What happens to the house of cards when we reach something close to economic equilibrium on a global scale? I believe the system collapses sometime before we reach that point of equilibrium. Probably in about 75 years. By that point, Africa, China, India, South America and other Asian economies will be moving towards per person GDP parity with the US and Europe at an unsustainable rate and then the rate will start to slow. At that point managing a house of cards becomes difficult if not impossible, as our global interests in creating new growth will no longer be aligned. Individuals will be more interested in personal advancement and enlightenment as well as technological advancement and less interested in growing the global wealth and income pie. Of course this does create significant issues for wealth preservation which I’m not qualified to address here. Ultimately this could be the point at which our collectively disparate agendas will no longer allow us to effectively manage the house of cards.
This is where Bitcoin comes in.
At the point where momentum towards equilibrium is unstoppable, we probably have a viable global education system, a global trading system and machine-based innovation happening at an amazing rate. Thousands of self-organized meritocracies are likely to ensue based upon needs, wants and desires of individuals. Traditional organized religion will start to take a back seat to the needs and wants of these meritocracies. It is at this point I believe individual liberty needs to take preference over the needs of any state for the good of the human race and to ensure that we are appropriately incentivizing technologic progress. This is also the point at which fiat currencies and fractional reserve banking probably no longer make sense. This is the point at which anyone can create their own currency (re: asset) and these new assets can be easily represented digitally and traded electronically in real-time. There is no difference between stock exchanges, currency exchanges, Amazon.com or the IRS. Everything is just an asset and everything is fungible.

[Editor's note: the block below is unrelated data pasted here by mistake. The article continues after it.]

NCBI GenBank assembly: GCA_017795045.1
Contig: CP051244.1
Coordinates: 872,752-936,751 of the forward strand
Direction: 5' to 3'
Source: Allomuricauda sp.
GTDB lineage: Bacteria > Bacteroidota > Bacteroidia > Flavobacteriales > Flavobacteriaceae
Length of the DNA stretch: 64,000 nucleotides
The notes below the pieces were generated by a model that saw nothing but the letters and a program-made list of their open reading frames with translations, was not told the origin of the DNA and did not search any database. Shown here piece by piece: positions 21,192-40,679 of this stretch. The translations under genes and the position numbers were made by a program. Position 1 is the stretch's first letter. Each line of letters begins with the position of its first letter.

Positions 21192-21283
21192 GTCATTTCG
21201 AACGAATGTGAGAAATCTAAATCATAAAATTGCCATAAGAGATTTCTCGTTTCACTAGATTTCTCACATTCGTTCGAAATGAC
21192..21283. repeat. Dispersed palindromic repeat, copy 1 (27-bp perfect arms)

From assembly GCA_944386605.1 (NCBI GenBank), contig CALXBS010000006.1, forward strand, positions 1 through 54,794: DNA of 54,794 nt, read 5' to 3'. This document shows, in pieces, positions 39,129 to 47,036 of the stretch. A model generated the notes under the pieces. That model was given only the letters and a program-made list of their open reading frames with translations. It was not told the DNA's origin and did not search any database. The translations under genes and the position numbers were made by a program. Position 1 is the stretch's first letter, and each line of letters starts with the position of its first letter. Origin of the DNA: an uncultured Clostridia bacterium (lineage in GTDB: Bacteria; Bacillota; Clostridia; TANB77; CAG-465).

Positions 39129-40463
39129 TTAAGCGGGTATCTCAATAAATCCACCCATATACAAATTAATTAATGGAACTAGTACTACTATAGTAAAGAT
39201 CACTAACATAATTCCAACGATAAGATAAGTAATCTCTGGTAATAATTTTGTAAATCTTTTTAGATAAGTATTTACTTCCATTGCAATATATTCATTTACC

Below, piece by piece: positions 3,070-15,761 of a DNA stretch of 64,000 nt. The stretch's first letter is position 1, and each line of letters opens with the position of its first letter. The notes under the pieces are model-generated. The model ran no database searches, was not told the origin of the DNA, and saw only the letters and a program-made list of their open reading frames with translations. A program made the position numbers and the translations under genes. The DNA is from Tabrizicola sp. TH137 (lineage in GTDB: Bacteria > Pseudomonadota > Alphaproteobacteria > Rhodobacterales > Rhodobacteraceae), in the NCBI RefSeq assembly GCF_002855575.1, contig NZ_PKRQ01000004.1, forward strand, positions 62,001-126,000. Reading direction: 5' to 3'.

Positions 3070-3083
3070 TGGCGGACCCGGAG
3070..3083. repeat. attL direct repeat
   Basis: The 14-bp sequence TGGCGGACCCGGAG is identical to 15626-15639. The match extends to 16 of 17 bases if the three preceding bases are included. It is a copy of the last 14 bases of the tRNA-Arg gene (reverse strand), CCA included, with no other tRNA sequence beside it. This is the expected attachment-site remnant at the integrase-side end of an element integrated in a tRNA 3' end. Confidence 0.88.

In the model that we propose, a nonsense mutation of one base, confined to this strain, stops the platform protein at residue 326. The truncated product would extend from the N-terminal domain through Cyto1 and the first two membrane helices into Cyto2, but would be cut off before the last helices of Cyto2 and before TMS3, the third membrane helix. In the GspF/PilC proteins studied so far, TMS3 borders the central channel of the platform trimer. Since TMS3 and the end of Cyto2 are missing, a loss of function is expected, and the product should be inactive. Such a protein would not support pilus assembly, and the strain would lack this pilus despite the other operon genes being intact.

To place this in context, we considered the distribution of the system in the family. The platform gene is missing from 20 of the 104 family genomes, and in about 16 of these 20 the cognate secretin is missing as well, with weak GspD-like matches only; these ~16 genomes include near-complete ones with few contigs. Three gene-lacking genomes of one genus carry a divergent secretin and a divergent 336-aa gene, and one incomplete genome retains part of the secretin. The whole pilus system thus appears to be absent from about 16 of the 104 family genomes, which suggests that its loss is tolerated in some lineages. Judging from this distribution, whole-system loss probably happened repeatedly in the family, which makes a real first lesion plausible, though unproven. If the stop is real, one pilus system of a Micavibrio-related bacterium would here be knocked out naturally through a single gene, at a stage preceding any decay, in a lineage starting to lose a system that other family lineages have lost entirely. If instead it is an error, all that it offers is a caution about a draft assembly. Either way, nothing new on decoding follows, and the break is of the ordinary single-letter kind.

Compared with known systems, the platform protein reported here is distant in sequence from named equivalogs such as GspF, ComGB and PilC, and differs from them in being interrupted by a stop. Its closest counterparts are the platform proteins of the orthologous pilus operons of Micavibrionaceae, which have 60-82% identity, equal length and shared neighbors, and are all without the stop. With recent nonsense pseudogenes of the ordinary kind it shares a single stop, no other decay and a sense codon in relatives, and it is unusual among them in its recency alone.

It’s easy to imagine lots of different groups issuing lots of different asset backed currencies similar to Bitcoin but with an underlying asset of value – such as intellectual property rights, physical property, art or other forms of content, gold, food, etc.